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4 June 2013 Riffle topography and water flow support high invertebrate biomass in a gravel-bed river
Sohei Kobayashi, Kunihiko Amano, Satoru Nakanishi
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We compared biomass and community structure of macroinvertebrates among 3 flow zones (deep, rapid, flat) of riffles at 3 sites in a gravel-bed river. We evaluated bed stability in these zones with a 2-dimensional hydrodynamic simulation over a range of discharge levels. Deep zones had higher flow velocity and coarser bed materials than other zones. Rapid zones were shallower with higher flow velocity than flat zones. The probability of bed movement was greatest in rapid zones and was lowest in deep zones based on bed shear stress and the size of bed materials. Total macroinvertebrate biomass was dominated by filterer insects and was highest in deep zones and lowest in rapid zones across the sites. This trend was most conspicuous for taxa that build retreats on stones, such as net-spinning caddisflies, which have a sessile life form and prefer stable environments. The trend was less apparent for taxa that move freely on the bed, such as baetid and heptageniid mayflies. The macroinvertebrate community differed between the middle and peripheral areas at deep zones. Peripheral areas were dominated more by taxa that stay under stones. The channel bed topography in deep zones of riffles is likely to support high macroinvertebrate biomass by providing greater bed stability and higher water flow, the combination of which is relatively uncommon in gravel-bed rivers.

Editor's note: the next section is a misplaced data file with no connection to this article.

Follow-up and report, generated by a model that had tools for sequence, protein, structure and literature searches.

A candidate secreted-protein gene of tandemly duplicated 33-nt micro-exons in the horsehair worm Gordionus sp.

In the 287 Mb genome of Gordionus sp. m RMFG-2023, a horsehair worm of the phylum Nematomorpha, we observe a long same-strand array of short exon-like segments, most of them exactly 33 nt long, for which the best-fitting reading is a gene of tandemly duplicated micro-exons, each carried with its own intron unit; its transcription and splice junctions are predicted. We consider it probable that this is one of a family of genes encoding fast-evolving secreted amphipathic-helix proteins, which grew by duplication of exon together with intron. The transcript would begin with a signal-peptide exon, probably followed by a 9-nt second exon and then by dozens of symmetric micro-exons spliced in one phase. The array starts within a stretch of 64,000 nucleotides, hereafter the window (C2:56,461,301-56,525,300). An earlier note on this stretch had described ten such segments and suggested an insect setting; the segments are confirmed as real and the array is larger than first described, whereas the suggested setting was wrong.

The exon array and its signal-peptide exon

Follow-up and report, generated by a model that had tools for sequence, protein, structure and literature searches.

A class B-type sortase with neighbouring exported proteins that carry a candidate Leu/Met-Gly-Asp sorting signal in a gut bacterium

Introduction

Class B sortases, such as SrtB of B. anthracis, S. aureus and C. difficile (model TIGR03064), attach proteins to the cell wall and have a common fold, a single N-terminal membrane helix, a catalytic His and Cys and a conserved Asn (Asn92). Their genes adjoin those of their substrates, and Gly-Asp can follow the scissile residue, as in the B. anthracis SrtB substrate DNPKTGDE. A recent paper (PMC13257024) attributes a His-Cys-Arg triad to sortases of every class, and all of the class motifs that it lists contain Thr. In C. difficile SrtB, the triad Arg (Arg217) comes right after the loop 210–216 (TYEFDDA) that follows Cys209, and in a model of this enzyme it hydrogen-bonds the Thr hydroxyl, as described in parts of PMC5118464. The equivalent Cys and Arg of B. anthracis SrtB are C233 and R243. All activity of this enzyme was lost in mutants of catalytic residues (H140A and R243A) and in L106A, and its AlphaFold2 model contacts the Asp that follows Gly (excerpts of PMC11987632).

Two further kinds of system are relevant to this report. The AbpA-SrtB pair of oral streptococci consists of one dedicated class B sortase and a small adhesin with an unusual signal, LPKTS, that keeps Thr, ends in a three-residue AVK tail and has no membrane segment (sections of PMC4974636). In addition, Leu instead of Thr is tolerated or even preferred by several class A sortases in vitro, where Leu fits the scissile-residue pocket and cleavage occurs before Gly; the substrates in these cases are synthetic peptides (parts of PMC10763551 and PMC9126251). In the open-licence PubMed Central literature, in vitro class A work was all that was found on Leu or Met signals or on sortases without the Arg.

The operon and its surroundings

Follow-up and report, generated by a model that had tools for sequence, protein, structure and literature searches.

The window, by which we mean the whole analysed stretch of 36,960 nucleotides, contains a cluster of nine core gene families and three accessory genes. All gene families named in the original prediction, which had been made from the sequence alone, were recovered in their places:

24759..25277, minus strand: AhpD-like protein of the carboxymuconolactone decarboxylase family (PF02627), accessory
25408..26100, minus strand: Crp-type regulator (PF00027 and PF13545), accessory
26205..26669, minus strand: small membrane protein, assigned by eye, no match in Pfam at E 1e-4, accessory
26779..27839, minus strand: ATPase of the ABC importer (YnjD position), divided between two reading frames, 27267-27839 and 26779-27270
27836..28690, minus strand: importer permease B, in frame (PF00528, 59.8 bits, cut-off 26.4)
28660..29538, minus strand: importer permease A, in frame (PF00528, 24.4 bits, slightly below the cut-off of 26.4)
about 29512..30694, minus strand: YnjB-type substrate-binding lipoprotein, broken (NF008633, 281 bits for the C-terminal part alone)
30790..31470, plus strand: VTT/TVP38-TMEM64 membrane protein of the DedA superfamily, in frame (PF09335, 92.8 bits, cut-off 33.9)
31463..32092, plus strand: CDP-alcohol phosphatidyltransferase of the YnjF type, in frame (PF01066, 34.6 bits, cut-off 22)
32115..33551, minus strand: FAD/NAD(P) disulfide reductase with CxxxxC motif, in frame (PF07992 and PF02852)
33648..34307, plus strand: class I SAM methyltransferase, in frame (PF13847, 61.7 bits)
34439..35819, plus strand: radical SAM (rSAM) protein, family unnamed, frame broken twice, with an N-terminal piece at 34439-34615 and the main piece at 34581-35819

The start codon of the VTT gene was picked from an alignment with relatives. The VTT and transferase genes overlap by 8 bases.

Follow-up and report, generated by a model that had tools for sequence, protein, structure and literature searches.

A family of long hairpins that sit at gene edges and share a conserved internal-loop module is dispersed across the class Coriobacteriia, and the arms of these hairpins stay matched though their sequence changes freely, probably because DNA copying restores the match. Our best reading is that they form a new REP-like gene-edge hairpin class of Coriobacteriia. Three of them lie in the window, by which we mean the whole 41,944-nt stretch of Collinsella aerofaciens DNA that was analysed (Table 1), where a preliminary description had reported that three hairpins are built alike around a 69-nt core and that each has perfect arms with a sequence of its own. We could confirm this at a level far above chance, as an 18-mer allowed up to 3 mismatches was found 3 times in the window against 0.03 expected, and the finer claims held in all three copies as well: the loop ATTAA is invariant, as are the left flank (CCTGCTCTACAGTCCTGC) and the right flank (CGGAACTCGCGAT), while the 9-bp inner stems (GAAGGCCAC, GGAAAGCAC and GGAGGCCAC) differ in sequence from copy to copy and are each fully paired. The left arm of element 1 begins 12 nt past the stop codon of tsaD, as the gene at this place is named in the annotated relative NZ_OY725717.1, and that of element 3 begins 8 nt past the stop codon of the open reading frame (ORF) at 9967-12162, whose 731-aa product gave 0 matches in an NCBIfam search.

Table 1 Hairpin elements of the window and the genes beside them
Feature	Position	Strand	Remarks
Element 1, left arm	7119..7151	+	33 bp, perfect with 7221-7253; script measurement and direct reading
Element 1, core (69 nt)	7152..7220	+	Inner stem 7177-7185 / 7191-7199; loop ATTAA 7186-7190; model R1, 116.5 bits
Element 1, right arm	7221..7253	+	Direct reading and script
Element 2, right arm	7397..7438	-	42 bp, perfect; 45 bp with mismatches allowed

The Society for Freshwater Science
Sohei Kobayashi, Kunihiko Amano, and Satoru Nakanishi "Riffle topography and water flow support high invertebrate biomass in a gravel-bed river," Freshwater Science 32(3), 706-718, (4 June 2013).
Received: 23 May 2012; Accepted: 1 April 2013; Published: 4 June 2013

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bed stability
bed topography
gravel-bed rivers
hydraulic simulations
invertebrate biomass
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